Although a natural ecological process, wildfire in unhealthy forests can be uncharacteristically destructive. Fuel treatments—such as thinning, mowing, prescribed fire, or managed wildfire—can help reduce or redistribute the flammable fuels that threaten to carry and intensify fire.
Because wildfire size and frequency are expected to increase in many forested areas in the United States, organizations involved in forest and wildfire management could arguably benefit from working together and sharing information to develop strategies for how to adapt to this increasing risk.
Plant responses to ozone (O<sub>3</sub>) and water deficit (WD) are commonly observed, although less is known about their interaction. Stomatal conductance (<em>g<sub>s</sub></em>) is both an impact of these stressors and a protective response to them.
The area burned annually by wildfires is expected to increase worldwide due to climate change. Burned areas increase soil erosion rates within watersheds, which can increase sedimentation in downstream rivers and reservoirs.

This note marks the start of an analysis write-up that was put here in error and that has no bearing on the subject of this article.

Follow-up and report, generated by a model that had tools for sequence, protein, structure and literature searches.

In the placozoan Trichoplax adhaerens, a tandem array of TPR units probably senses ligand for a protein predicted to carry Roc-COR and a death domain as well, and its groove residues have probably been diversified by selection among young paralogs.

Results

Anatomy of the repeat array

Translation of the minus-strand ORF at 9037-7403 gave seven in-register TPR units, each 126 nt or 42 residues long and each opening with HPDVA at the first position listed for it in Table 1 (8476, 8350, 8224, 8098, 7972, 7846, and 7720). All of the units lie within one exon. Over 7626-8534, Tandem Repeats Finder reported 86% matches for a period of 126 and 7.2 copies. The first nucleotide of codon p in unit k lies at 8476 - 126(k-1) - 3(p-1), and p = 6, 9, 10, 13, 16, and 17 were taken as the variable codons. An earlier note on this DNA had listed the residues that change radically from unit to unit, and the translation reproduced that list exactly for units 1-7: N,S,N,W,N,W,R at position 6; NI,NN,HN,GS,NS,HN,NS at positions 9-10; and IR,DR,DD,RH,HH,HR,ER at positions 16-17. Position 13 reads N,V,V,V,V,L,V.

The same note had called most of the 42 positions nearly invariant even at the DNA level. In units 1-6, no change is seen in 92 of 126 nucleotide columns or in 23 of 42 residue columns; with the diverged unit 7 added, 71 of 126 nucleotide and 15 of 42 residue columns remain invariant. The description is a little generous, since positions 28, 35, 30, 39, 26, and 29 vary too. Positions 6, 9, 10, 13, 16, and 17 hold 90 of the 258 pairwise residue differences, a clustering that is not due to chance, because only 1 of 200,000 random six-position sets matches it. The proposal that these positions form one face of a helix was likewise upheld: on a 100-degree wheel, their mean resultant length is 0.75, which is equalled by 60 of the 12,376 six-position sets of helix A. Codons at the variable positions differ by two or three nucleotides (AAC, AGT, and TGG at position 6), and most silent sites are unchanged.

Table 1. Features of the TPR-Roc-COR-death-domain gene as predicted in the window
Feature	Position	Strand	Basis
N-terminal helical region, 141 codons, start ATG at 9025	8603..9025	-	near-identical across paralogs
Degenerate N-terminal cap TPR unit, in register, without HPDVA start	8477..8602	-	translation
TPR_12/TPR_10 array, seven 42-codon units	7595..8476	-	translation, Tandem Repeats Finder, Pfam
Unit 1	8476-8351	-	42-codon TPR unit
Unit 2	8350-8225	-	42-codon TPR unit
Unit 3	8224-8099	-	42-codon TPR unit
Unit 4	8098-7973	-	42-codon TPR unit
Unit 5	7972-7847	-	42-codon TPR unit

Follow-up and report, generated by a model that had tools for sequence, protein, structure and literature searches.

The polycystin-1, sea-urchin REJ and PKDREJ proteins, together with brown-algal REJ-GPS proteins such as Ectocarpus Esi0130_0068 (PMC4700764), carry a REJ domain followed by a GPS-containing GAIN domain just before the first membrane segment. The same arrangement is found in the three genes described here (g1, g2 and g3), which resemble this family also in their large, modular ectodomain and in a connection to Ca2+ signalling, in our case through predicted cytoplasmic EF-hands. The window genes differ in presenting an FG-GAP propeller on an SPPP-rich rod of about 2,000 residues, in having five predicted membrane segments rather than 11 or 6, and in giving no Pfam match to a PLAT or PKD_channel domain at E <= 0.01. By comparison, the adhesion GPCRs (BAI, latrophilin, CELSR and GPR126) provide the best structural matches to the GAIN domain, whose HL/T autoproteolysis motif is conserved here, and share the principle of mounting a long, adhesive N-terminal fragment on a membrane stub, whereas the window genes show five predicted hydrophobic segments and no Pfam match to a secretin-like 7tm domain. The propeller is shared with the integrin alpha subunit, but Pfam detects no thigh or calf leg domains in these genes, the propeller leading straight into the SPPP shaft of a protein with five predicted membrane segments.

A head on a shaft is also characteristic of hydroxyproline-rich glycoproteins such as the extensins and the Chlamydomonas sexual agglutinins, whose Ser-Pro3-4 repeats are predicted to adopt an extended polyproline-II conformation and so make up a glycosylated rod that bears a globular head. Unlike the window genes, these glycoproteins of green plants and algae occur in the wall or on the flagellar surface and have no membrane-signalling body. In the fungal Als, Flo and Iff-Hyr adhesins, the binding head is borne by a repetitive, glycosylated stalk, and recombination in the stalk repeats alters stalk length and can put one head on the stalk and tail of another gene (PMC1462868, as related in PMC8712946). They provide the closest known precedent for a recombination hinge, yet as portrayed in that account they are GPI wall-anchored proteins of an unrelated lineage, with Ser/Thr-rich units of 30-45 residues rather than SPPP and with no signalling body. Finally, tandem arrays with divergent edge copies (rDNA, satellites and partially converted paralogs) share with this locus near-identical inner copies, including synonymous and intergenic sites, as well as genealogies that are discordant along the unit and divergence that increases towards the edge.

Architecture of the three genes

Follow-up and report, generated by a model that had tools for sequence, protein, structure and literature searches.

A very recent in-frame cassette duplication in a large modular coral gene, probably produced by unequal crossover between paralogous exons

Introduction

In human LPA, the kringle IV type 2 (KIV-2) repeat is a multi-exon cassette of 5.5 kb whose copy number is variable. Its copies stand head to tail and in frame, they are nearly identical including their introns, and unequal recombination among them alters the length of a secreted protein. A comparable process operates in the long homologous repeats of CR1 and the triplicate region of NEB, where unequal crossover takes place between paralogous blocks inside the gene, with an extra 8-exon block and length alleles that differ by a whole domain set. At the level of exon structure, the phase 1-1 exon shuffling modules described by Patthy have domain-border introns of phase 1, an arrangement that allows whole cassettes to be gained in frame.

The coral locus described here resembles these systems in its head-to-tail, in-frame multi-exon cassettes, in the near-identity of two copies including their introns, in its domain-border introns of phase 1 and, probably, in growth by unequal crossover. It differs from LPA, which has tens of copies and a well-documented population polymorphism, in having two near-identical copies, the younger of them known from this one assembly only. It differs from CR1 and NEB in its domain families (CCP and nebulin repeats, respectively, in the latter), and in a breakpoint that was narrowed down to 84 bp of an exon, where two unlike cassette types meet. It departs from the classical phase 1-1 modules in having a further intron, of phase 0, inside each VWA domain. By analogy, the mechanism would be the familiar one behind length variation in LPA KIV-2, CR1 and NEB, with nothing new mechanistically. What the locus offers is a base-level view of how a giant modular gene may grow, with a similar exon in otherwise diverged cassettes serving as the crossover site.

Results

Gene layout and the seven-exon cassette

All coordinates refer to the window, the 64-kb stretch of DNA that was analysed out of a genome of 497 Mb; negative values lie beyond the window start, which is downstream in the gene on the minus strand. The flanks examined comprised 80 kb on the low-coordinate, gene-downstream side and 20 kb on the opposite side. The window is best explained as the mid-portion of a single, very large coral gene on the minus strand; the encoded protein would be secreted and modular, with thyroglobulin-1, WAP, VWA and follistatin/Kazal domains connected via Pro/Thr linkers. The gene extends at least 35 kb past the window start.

The National Cohesive Wildland Fire Management Strategy recognizes that wildfire is a necessary natural process in many ecosystems and strives to reduce conflicts between fire-prone landscapes and people.
Effects of canopy ozone (O<sub>3</sub>) exposure and signatures of genetic structure using isozyme markers associated with O<sub>3</sub> tolerance were analyzed in ~20-, ~80-, and >200-yr-old ponderosa (<em>Pinus ponderosa</em> Dougl.
The level II approach of the critical loads concept adopted by the UNECE aims at a flux based evaluation and takes into account environmental factors governing stomatal conductance. These factors will probably be affected by global change.
We tested the effect of daytime chronic moderate ozone (O<sub>3</sub>) exposure, short-term acute exposure, and both chronic and acute O<sub>3</sub> exposure combined on nocturnal transpiration in California black oak and blue oak seedlings.